Julia Assange is just 24 hours away from facing charges in the United States should U.S. authorities finally decide to throw the book on him, the Spanish defender of the WikiLeaks founder said on Wednesday.
"(While) it's true that there are no formal charges against Julian Assange but from my experience charges can be laid in just 24 hours," lawyer Baltasar Garzon was reported by Agence France Presse (AFP) as saying.
A U.S. grand jury probe is now underway that would easily allow America to establish a case against the Australian national, Mr Garzon claimed.
In 2010, Mr Assange earned the ire of Washington when his anti-secrecy Web site published confidential diplomatic cables, many of which embarrassed America to its partner nations, dispatched by U.S. diplomats.
His observations, Mr Garzon said, were based on records of the court proceedings against U.S. Army officer Bradley Manning, tagged as the source of the information that WikiLeaks unleashed online from 2010 through 2011.
Speaking at a news briefing held in Madrid, Spain, the famed Mr Garzon insisted that "the procedure (against Mr Assange) exists."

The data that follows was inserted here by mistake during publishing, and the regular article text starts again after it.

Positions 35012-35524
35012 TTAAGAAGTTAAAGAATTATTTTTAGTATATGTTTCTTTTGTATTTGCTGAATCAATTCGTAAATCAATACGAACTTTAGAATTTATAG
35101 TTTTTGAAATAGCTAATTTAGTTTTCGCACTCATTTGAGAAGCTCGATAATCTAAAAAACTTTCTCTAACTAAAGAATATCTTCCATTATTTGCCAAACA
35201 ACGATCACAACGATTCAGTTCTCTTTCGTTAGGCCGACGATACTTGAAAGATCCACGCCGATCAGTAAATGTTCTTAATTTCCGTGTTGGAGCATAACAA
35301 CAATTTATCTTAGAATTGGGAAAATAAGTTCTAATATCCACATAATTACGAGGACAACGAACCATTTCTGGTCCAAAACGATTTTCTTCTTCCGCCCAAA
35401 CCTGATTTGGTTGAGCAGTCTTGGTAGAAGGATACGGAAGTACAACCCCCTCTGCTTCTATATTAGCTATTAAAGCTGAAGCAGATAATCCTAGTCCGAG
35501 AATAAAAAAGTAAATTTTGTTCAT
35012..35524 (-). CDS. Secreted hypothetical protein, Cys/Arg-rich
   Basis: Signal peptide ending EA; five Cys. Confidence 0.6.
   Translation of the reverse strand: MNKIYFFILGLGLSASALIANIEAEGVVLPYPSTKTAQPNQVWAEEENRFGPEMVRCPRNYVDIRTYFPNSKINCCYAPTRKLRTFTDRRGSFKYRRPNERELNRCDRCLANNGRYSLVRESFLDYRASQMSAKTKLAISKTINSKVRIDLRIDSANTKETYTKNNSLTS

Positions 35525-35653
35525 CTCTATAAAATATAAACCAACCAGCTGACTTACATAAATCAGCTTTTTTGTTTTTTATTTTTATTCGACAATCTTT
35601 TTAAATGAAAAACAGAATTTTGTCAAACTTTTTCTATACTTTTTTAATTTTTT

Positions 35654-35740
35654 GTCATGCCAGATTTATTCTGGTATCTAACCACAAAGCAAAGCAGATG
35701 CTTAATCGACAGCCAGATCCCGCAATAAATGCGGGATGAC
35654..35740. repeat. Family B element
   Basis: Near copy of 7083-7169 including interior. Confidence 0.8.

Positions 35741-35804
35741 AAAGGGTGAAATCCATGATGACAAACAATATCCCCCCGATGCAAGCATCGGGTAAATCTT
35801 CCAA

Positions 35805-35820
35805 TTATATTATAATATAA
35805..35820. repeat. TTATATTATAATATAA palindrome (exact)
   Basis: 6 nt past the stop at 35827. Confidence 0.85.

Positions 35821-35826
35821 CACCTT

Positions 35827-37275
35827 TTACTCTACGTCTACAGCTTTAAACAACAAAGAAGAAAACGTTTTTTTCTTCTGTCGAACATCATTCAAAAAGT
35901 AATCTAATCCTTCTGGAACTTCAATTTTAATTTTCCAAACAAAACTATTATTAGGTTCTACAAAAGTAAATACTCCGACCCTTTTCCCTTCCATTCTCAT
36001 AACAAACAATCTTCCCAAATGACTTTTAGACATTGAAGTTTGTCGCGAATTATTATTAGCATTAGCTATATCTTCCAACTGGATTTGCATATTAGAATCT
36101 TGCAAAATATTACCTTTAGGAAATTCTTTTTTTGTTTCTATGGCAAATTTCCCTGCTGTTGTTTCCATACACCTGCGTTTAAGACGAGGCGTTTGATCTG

And he vowed that would confirm this matter to the U.S. Justice Department, which has consistently denied that its prosecutors were building a case against the celebrity former hacker.
"I can already tell you that they will not respond," Mr Garzon said.
His client remains "trapped" at Ecuador's embassy in London while the British and Ecuadorian foreign ministry officials discussed a likely compromise that would end the two nations' diplomatic standoff.
Mr Assange has won an asylum protection from Quito in late August but UK authorities would not give him safe passage for a flight to Ecuador, insisting that London has legal obligation to send the Aussie whistleblower to Sweden.
The former hacker, according to Mr Garzon, has no issues against flying to Sweden to clear out investigation on alleged rape assaults he committed but was convinced that once there, U.S. authorities would ask for his extradition to face charges of espionage and sedition in America.
Mr Assange faces life imprisonment or even the death penalty if convicted of any of the charges.
Ecuador is seeking guarantees from Sweden and Britain that Mr Assange will not be deported to the United States but if the ongoing talks on the matter should collapse, Mr Garzon said his last recourse is to bring the case of his client before the International Court of Justice (ICJ).
"If the conflict continues the only alternative would be to find a solution through the ICJ," he declared.
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